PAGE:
Portable Building Materials

Portable Building Materials

There is some debate among dealers of portable storage buildings over the best material for building one. Materials like plastics are suitable for small sheds for small backyards or patios, but lack the durability to be used for larger products, vinyl siding has it’s uses, and it’s proponents, but has less support than the two major materials, wood, and metal. Of the metal siding products, the most common is galvanized, painted sheet steel. So, the debate is really between those who advocate wood siding, and those who advocate steel siding. I will let you in on a little secret, most manufacturers now build both types.

What we are talking about here is the shell of the structure. Most builders use wooden framing by default. This has it’s advantages. Wood is stronger than steel by weight, and makes an excellent frame for most residential type structures. It’s major enemy is water. When exposed to moisture for long periods of time, wood can become susceptible to rot. Keeping high levels of moisture out is the function of the siding and roofing of the structure. As long as the shell stays intact, the internal framework will be fine.

Steel siding

Steel does not rot, but it can rust, and rust through is the chief worry in steel siding. Most modern steel siding is zincĀ  coated by a process known as galvanizing, and then coated with a high quality paint that resists moisture, flaking, pealing, and powdering very well. In fact, most steel siding in today’s market is guaranteed for 20 years or more not to rust through.

One drawback to steel siding is it’s tendency toward condensation, or sweating on the inside of the building. Good ventilation usually keeps this in check.

Steel siding is virtually maintenance free, requiring little but occasional cleaning to remain in top condition.

Wood siding

Wooden and steel portable buildings

Wood siding of the grade used in today’s portable buildings is also a great material. It is strong, and, (this surprises most people) it is heavier than it’s steel counterparts when used in the thickness required for proper construction. This can be an advantage in windy areas, but only a slight advantage since the contents of almost any building will add the weight to keep it in place.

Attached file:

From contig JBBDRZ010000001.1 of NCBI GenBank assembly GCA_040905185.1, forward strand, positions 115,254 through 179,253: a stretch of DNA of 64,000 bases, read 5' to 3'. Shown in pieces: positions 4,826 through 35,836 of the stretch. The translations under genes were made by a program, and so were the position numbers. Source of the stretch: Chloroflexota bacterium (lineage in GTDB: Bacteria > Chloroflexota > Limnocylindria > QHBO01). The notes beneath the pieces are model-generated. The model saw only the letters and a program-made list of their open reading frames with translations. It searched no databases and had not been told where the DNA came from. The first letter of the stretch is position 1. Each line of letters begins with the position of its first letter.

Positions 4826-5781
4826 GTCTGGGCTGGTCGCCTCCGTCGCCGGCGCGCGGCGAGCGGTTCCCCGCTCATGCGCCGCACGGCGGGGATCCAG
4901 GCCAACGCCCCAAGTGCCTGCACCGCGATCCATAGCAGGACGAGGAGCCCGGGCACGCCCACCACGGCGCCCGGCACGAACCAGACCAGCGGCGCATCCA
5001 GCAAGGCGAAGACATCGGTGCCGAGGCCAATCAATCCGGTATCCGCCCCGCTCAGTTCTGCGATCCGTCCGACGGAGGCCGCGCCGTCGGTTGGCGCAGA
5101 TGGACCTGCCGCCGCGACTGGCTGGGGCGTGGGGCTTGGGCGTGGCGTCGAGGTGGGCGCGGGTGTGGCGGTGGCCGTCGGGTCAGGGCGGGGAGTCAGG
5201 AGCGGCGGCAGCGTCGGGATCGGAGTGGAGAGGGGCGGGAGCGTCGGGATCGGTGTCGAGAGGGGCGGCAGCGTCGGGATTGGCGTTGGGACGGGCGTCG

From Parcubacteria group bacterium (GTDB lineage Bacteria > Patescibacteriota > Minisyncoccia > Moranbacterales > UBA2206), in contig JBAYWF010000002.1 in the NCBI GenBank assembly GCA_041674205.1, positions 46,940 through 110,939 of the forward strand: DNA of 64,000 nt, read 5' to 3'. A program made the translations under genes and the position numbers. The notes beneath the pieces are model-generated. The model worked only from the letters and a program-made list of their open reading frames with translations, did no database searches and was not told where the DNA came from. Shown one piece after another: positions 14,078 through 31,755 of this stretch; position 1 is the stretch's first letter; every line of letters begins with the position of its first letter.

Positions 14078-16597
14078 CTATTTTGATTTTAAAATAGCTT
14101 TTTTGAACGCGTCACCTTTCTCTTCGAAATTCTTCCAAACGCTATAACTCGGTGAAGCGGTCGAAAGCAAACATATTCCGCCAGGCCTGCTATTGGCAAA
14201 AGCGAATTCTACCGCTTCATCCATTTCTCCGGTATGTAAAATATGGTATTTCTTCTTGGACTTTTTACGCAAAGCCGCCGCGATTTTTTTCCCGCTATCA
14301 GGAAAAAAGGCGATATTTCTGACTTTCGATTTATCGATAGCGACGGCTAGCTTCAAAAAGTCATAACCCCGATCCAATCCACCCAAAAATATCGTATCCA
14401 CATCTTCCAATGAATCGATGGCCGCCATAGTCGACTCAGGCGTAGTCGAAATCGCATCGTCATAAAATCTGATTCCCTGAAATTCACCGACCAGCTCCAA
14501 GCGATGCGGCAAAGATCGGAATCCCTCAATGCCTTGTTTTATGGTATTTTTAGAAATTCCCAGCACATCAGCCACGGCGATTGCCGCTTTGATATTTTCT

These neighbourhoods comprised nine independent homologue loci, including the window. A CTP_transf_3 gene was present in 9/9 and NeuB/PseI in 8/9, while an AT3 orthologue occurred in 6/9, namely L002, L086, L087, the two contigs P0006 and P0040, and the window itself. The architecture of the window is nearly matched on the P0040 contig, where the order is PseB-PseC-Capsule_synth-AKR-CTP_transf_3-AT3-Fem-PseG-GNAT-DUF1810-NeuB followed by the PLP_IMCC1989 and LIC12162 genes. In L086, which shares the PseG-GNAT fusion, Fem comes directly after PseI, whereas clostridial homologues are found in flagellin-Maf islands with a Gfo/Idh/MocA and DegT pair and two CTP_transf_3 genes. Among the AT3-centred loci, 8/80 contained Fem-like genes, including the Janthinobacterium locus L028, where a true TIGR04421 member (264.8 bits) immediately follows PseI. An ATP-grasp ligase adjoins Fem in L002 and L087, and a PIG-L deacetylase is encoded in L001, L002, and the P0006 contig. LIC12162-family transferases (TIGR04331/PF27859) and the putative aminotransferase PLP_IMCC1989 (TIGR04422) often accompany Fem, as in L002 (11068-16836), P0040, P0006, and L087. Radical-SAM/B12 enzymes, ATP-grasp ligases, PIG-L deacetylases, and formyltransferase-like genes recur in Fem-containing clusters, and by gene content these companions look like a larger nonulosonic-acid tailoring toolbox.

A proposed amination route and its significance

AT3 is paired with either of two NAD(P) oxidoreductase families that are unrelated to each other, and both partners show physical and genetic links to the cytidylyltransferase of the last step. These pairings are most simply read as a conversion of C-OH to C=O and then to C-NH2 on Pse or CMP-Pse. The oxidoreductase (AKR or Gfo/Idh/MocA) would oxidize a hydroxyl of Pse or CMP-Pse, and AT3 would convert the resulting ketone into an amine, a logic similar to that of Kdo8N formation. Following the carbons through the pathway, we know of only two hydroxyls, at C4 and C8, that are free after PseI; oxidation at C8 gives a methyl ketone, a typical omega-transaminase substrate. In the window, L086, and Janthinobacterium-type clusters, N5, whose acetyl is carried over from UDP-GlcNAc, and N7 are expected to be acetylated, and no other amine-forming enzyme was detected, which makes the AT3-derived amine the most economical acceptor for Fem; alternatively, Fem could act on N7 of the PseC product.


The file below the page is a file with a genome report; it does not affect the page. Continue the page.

Wood will not normally sweat in the way that steel is prone to do. This is an advantage, and a disadvantage. The moisture is still present, but is often absorbed into the wood fibers, and prolonged periods of extremely high humidity can allow rot, if not properly ventilated. Obviously, good ventilation is needed in both wooden and steel buildings.

Wood siding does require some maintenance over time. The sealants used will eventually cease doing it’s job, and it will need to be replenished. Special attention should be paid to corners, edges, openings, and other areas where the ends and edges of the wood have the most chance for exposure to the elements. Your builder or dealer will give you more details on how often this should be done.

One of the advantages of wood siding is in the realm of Home Owner associations. Most HOA’s require wooden sided buildings for any portable outdoor structure. This thinking may be outmoded, but it is still a common requirement.

The best material

So, which is the best material for the job? Well, that’s easy, it is the one that best serves your purpose.

If you prefer the look and ambiance of wood, or have a Home Owners association that requires it, go with wood. It may require a little extra maintenance, but that is a small price to pay for getting a building that you and your neighbors can all appreciate.

If you like vivid colors, and don’t want to do any but the most rudimentary maintenance procedures steel may be your best bet.

Either way, pick a building that is well framed, and meets your needs for a utility building, and all should be well.